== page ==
As home automation becomes a regular part of our vocabulary, the window covering industry is trying to catch up and be a part of the growing trend. Motorized blinds and shades have been available for years, though they have typically been used in large commercial projects, bringing motors into the home is definitely a growing trend. As homeowners are evaluating their options, we are often asked about the motorization option. Today I would like to discuss the products they can be used on and the pro’s and con’s of a motorized shade.
Blinds can be motorized for tilt only. The slats of a wood or faux wood blind are too heavy for the small motors to lift and lower. For that function, traditional strings are still the only option. Motorizing the tilt of a blind allows for the opening and closing from high distances or recessed windows that are not easily reached. The motor in blind is operated by 8 AA batteries and can be expected to need fresh batteries every 1-2 years. The motor in a blind is warrantied for 5 years though it is rare to see a motor that has failed. Wood and Faux Wood blinds are available for tilt motorization.
Honeycomb shades are motorized for lift and lower only. Since the honeycomb shade is an opaque material, there is no rotation of the shade to an open or closed view point. Motorized honeycomb shades can only operate from the bottom up, moving like a traditional shade; lifting from the bottom and compacting at the top. Motorized honeycomb shades are often used in tall living room windows were heat protection and view need to exist in the same space. Motorized honeycomb shades are operated by 8AA batteries and can require new batteries every year or so, depending on frequency of use. The motor in a blind is warrantied for 5 years though it is rare to see a motor that has failed. Only certain honeycomb materials are available for motorization.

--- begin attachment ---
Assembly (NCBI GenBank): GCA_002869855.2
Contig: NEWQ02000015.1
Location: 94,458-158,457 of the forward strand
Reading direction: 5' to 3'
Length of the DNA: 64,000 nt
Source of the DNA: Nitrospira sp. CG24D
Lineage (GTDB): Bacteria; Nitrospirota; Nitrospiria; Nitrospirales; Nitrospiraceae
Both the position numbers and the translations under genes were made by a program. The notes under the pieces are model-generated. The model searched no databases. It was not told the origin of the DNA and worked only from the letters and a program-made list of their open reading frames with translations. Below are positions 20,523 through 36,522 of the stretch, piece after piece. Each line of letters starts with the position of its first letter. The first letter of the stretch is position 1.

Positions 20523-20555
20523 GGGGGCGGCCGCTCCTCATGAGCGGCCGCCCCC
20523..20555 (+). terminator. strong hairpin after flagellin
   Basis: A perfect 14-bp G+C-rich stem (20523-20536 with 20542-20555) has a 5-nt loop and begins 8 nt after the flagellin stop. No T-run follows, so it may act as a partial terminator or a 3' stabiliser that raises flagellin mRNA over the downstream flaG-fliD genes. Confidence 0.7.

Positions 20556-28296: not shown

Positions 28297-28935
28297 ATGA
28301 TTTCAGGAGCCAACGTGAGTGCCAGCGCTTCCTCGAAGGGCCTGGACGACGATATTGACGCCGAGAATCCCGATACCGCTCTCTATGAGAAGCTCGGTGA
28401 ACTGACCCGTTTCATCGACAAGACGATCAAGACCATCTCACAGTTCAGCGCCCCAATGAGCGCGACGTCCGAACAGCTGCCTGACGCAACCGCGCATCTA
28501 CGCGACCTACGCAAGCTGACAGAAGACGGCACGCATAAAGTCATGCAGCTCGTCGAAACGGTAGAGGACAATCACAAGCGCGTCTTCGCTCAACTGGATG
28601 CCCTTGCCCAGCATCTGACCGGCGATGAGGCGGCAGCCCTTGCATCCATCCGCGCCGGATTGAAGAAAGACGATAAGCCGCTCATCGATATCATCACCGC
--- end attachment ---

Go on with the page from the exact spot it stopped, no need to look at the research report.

Roller shades are the most commonly motorized category we have. There seems something about the sleek/sophisticated appearance of a roller shade that just begs for the addition of the motorization package. Roller shades are available for lift and lower motorization only as there are no “open and close” elements of a roller shade. Motorized roller shades are used in just about any area of a home/office and are not limited to high windows. A great place for a motorized roller shade is in a media room. Motorized roller shades are operated by 8AA batteries and can require new batteries every year or so, depending on frequency of use. Motorized roller shades can also be hard wired into the existing power of a house or run on an A/C plug-in. The motor in a roller shade is warrantied for 5 years though it is rare to see a motor that has failed. All roller shade materials are available for motorization though there are size limitations.
Motorized blinds, shades and roller shades operate on a radio frequency control. The beauty of a radio frequency control is that you do not have to point the remote right at the shade for it “catch” the signal and react to the remote. Most remotes have up to 5 channels, allowing your separate motorized shades/blinds by channel and having a high level of control on which shades operate at what time.
In all, motorization is a cool toy and sometimes a necessary addition. The cost to add a motor on a blind or shade is a little stiff ($275-350) so you better make sure you really want it. If you have the budget for the motorization package, it works really well and is certainly a neat feature to add to a blind, honeycomb shade, or roller shade.
Give us a call for a free estimate if you would like to see how motorization can be an option in your home or office.
About the Author: Kris Stuart, Bloomin’ Blinds
Kris has been a window covering expert in the industry since 2001. He has expertise in a wide range of window covering matters, including repairs, installations, sales, and administration. In his free time, Kris loves to spend time with his wife and kids, making them laugh, travel together, and trying new hobbies.